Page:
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F. Murray Abraham,
Nick is a writer in New York when he gets posted to a bureau in Greece. He has waited 30 years for this. He wants to know why his mother was killed in the civil war years earlier. In a parallel plot line we see Nick as a young boy and his family as they struggle to survive in the occupied Greek hillside. The plot lines converge as Nick's investigations bring him closer to the answers. Written by
Robert B. Young <email@example.com>
Additional flashback scenes were filmed featuring Alfred Molina as Nick's father Christos (played by Steve Plytas in the 1980s scenes). Although Molina was credited as "Young Christos" in press materials, and his scenes were shown in publicity photos, his role was almost completely cut from the final version, and his name does not appear in the credits. Molina's only remaining footage in the released film is a single shot of Christos taking a photograph of Eleni, Nikola and family, with his face partially obscured by his camera. See more »
This film seems to have unjustly attracted a lot of nonsensical comments, mostly from left of center commentators; and it's sadly revealing how the facts cited by other viewers are not even addressed, but simply ignored by the left-ist commentators. Those who accuse the film of being anti-communist propaganda mostly use ad hominem arguments, and insult and invective. But ask yourself: what good is a political view which assumes itself (because it is self-described as "revolutionary") to be above ordinary moral or political criticism? If that were true, then there could never be any way to judge the value of the actions performed in its name.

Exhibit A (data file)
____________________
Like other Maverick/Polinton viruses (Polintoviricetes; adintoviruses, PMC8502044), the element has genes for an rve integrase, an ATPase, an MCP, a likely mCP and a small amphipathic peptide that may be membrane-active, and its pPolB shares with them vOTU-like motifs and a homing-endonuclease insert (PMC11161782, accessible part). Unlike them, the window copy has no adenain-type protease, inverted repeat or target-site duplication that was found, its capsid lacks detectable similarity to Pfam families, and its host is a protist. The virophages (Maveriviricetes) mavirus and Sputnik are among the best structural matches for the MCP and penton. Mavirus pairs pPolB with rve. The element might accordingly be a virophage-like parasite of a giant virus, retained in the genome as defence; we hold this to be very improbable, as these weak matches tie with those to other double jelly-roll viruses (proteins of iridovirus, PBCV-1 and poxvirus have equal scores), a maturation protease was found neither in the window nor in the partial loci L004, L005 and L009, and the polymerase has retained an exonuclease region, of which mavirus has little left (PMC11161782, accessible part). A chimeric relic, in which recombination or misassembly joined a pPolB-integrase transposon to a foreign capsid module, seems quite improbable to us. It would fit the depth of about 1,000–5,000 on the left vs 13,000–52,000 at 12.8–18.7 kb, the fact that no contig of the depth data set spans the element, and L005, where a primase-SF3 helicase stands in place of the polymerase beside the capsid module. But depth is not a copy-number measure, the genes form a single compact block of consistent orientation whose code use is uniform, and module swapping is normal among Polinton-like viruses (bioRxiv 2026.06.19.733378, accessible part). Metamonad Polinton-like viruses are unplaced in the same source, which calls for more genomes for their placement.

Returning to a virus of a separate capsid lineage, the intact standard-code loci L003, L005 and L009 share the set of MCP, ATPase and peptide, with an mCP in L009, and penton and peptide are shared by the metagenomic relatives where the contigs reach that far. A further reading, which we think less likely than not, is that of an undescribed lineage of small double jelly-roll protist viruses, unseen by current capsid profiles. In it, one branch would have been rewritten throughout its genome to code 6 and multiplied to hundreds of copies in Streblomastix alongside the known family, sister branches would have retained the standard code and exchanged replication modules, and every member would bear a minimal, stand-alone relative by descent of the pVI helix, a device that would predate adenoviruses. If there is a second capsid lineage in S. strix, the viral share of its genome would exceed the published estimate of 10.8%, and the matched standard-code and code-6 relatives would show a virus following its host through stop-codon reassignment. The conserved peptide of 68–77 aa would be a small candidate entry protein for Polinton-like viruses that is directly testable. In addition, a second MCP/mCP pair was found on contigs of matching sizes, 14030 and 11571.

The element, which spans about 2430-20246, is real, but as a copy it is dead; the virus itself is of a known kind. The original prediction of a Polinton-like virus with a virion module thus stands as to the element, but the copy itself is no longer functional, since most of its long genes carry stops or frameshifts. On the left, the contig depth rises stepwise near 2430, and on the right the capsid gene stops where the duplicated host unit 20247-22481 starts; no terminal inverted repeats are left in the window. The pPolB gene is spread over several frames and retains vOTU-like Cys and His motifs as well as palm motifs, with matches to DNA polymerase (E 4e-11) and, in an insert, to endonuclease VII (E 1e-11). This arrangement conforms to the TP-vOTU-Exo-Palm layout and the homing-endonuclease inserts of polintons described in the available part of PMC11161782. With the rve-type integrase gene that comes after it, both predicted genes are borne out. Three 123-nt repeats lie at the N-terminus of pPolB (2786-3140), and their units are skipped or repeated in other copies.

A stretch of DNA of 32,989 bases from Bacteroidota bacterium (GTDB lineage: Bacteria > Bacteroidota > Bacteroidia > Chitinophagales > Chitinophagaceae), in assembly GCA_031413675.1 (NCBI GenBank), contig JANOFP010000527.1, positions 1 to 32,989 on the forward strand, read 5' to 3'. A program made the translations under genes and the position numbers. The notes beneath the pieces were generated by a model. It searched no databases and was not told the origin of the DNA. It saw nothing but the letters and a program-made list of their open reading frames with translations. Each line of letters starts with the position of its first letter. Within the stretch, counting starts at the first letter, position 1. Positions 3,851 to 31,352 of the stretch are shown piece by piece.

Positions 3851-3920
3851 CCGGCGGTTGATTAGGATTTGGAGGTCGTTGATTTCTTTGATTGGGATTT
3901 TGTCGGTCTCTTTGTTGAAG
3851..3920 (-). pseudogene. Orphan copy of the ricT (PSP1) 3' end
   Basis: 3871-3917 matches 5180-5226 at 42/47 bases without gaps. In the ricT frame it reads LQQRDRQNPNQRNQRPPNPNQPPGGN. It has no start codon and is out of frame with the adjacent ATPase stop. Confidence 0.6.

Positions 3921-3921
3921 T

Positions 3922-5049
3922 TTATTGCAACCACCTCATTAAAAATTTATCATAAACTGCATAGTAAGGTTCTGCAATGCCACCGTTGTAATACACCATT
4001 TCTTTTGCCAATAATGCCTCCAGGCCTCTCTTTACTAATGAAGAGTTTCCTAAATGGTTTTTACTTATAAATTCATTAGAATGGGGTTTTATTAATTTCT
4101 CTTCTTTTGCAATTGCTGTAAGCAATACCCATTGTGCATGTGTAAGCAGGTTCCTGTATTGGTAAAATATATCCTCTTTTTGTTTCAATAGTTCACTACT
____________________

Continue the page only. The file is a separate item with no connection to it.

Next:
In short, this is a reasonably good film, with a fine performance by Kate Nelligan, and much less good work by other members of the cast. The direction is not inspired, and the flashback structure of the film seeks to maximize the emotional effects without stopping to consider just how powerful those effects are all by themselves, that is, the use of that structure betrays the fear of the film-makers that the story might not have the impact they wanted it to have.
The original book is stronger, but it too is flawed by Nicholas Gage's failure to ask himself about how it was that the communists picked on his mother, even though he presents some of the evidence that answers the question. It's clear from the book that some members of his family -- I think his grandfather, but it's been a long time since I read the book -- had serious disputes with other people in the village in the 20s and 30s and perhaps even earlier, and that there may even have been a murder involved; naturally, Gage is not all that clear on the point. The communists, men, most of them, couldn't go after the grandfather, so, brave souls that they were, went after the most vulnerable: the Gage womenfolk. Despicable, but that is often the tenor of village and peasant life.
And to me, this was the message of the book, that the politics of revolution were, in many cases, simply another weapon in the never-ending village war between its own members. The problem with the film is that it never really clarifies this central aspect of the drama, and so the power of Nelligan's performance is marooned. It affects, but it's almost in a vacuum, and Malkovich's portrayal of Gage, which I thought quite good, is similarly detached; but the flaw lay in the original book, which ducks important questions because Gage, North American that he is, simply doesn't understand the deeper currents of village life.
Worth a look, no matter its flaws. No work of art is ever perfect, and this one gets high marks for trying.
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